I’m teaching a fairly new transition course at Case this term, which involves explicitly teaching students the basics of mathematical English along with the obvious things like logic and proof techniques.  I had a student recently ask about how to interpret “A unless B”.  After a fairly lively discussion in class today, we couldn’t agree on the truth table for this statement, and concluded in the end that “unless” is best avoided in mathematical writing.  I checked the Handbook of Mathematical Discourse to see if you had anything to say about it there, but there isn’t an entry for it.  So, are you aware of a standard interpretation of “unless” in mathematical English?

I did not consider  “unless” while writing HMD.   What should be done to approach a subject like this is to

• think up examples  (preferably in a bull session with other mathematicians) and try to understand what they mean logically, then
• do an extensive research of the mathematical literature to see if you can find examples that do and do not correspond  with your tentative understanding.  (Usually you find other uses besides the one you thought of, and sometimes you will discover that what you came up with is completely wrong.)

What follows is an example of this process.

I can think of three possible meanings for “P unless Q”:

1.  “P if and only if not Q”,
2.  “not Q implies P”
3.  “not P implies Q”.

An example that satisfies (1) is “$latex x^2-x$ is positive unless $latex 0 \leq x \leq 1$”.  I have said that specific thing to my classes — calculus students tend not to remember that the parabola is below the line $latex y=x$ on that interval. (And that’s the way you should show them — draw a picture, don’t merely lecture.  Indeed, make them draw a picture.)

An example of (2) that is not an example of (1) is “$latex x^2-x$ is positive unless $latex x = 1/2$”.  I don’t think anyone would say that, but they might say “$latex x^2-x$ is positive unless, for example, $latex x = 1/2$”.  I would say that is a correct statement in mathematical English.  I guess the phrase “for example” translates into telling you that this is a statement of form “Q implies not P”, where Q is now “x = 1/2″.   Using the contrapositive, that is equivalent to “P implies not Q”, but that is neither (2) nor (3).

An example of (3) that is not an example of (1) is “$latex x^2-x$ is positive unless $latex -1 < x < 1$”.  I think that any who said that (among math people) would be told that they are wrong, because for example $latex (\frac{-1}{2})^2-\frac{-1}{2} = \frac{3}{4}$.  That reaction amounts to saying that (3) is not a correct interpretation of “P unless Q”.

Because of examples like these, my conjecture is that “P unless Q” means “P if and only if not Q”.  But to settle this point requires searching for “unless” in the math literature and seeing if you can find instances where “P unless Q” is not equivalent to “P if and only if not Q”.  (You could also see what happens with searching for “unless” and “example” close together.)

Having a discussion such as the above where you think up examples can give you a clue, but you really need to search the literature.  What I did with the Handbook is to search JStor, available online at Case.  I have to say I had definite opinions about several usages that were overturned during the literature search. (What “brackets” means is an example.)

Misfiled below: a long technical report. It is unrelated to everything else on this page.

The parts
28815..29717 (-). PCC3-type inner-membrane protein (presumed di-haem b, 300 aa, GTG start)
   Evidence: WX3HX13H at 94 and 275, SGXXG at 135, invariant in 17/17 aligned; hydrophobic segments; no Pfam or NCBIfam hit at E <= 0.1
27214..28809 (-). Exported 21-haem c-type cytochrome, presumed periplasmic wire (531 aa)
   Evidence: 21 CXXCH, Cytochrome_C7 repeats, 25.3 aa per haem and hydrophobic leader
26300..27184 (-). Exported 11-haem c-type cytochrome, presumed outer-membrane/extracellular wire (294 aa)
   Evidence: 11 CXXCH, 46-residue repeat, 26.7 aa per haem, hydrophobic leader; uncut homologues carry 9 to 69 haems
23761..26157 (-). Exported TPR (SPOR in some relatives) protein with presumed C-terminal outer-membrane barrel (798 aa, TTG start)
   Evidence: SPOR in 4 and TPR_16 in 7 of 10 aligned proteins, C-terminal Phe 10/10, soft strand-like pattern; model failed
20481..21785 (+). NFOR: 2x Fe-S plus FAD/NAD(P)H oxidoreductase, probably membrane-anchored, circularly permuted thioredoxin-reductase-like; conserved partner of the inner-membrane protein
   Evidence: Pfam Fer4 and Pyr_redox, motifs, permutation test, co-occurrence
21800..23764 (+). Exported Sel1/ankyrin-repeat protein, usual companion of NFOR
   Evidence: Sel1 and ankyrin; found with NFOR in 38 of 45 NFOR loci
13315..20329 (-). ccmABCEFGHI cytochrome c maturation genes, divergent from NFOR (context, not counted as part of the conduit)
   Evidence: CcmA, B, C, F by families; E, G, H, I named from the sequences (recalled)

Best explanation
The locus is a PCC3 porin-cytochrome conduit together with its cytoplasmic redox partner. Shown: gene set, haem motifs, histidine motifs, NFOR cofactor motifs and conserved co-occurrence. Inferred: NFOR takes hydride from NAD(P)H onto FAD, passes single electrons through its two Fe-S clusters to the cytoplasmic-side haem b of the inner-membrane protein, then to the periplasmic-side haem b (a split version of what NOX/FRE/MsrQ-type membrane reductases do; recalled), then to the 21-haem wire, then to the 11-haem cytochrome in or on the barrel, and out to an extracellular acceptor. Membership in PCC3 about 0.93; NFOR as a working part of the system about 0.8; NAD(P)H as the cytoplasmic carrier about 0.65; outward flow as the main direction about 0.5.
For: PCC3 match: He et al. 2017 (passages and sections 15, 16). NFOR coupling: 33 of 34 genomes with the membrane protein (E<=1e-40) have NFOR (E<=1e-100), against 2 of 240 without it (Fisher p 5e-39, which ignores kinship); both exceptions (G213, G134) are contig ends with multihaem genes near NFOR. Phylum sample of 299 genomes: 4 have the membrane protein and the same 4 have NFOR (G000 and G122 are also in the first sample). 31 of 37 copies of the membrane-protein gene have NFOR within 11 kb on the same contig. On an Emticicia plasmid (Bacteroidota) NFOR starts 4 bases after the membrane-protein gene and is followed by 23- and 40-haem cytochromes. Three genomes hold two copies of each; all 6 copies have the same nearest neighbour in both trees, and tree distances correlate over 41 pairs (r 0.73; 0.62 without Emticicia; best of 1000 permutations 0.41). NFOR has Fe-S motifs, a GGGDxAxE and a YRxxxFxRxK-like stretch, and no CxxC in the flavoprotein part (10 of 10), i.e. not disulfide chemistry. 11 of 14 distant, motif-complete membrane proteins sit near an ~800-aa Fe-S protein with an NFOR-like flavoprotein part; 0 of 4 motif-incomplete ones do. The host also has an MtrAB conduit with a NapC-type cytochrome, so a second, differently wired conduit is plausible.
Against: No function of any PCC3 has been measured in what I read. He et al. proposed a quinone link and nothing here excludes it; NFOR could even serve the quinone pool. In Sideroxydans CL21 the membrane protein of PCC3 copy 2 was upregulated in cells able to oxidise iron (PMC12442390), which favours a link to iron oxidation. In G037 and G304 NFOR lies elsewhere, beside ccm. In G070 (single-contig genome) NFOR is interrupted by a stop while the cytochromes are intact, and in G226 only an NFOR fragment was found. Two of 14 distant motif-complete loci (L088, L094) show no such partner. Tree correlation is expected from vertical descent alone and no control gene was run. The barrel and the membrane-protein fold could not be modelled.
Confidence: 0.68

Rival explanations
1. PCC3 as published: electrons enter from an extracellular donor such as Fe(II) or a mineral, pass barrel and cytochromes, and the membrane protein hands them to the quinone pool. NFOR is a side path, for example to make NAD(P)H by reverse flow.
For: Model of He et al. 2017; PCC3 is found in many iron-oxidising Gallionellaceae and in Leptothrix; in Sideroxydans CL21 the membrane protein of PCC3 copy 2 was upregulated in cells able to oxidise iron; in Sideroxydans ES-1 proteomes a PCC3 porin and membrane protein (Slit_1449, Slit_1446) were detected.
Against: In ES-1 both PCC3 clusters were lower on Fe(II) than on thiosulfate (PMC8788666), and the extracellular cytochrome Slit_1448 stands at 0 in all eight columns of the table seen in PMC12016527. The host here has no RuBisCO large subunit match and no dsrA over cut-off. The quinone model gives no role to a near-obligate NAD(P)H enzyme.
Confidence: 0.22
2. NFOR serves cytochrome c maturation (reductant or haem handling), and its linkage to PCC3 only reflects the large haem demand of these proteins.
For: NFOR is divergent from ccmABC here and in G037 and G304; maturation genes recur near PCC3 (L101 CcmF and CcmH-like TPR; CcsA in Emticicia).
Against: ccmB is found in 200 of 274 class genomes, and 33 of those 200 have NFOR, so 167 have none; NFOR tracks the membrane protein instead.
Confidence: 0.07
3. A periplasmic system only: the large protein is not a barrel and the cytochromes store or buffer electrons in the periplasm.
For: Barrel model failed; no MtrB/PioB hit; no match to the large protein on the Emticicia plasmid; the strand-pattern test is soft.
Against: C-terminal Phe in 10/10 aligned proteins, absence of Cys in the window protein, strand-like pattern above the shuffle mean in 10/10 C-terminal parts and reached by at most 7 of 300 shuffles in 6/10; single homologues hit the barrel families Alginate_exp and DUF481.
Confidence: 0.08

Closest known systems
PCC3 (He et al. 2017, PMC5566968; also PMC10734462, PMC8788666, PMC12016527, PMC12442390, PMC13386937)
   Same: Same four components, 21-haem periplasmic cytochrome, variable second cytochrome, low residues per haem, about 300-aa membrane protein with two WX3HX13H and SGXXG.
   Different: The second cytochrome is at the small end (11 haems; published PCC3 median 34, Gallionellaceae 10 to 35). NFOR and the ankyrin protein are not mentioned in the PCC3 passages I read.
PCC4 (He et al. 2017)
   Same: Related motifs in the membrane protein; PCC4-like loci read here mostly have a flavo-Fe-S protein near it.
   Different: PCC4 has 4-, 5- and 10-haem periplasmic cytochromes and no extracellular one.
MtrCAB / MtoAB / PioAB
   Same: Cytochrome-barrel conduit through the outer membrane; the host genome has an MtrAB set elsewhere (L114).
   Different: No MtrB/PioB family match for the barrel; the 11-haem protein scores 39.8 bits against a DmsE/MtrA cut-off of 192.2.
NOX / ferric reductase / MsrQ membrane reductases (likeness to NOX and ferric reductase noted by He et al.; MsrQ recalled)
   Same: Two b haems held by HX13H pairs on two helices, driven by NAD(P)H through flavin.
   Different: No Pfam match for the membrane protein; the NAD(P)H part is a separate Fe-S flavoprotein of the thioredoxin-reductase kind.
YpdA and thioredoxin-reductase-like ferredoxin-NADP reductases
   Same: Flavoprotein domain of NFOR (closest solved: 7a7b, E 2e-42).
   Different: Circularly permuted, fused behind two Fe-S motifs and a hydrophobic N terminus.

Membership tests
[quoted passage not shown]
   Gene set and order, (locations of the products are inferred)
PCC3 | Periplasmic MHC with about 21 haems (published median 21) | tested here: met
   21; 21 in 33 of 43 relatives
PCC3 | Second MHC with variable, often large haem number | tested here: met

My proxy server at Case isn’t working right now but when I get it repaired I will look into this question.

Introduction

In a recent post I began a discussion of the mental, physical and mathematical representations of a mathematical object. The discussion continues here. Mathematicians, linguists, cognitive scientists and math educators have investigate some aspects of this topic, but there are many subtle connections between the different ideas which need to be studied.

I don’t have any overall theoretical grasp of these relationships. What I will do here is grope for an overall theory by mentioning a whole bunch of fine points. Some of these have been discussed in the literature and some (as far as I know) have not been discussed.  Many of them (I hope)  can be described as “an obvious fact about representations but no one has pointed it out before”.  Such fine points could be valuable; I think some scholars who have written about mathematical discourse and math in the classroom are not aware of many of these facts.

I am hoping that by thrashing around like this here (for graphs of functions) and for other concepts (set, function, triangle, number …) some theoretical understanding may emerge of what it means to understand math, do math, and talk about math.

The graph of a function

Let’s look at the graph of the function $latex {y=x^3-x}&fg=000000$.

What you are looking at is a physical representation of the graph of the function. The graph creates in your brain a mental representation of the graph of the function. These are subtly related to each other and to the mathematical definition of the graph.

Fine points

1. The mathematical definition [2] of the graph of this function is: The set of ordered pairs of numbers $latex {(x,x^3-x)}&fg=000000$ for all real numbers $latex {x}&fg=000000$.
2. In the physical representation, each point $latex {(x,x^3-x)}&fg=000000$ is shown in a location determined by the conventional $latex {x-y}&fg=000000$ coordinate system, which uses a straight-line representation of the real numbers with labels and ticks.
• The physical representation makes use of the fact that the function is continuous. It shows the graph as a curving line rather than a bunch of points.
• The physical representation you are looking at is not the physical representation I am looking at. They are on different computer screens or pieces of paper. We both expect that the representations are very similar, in some sense physically isomorphic.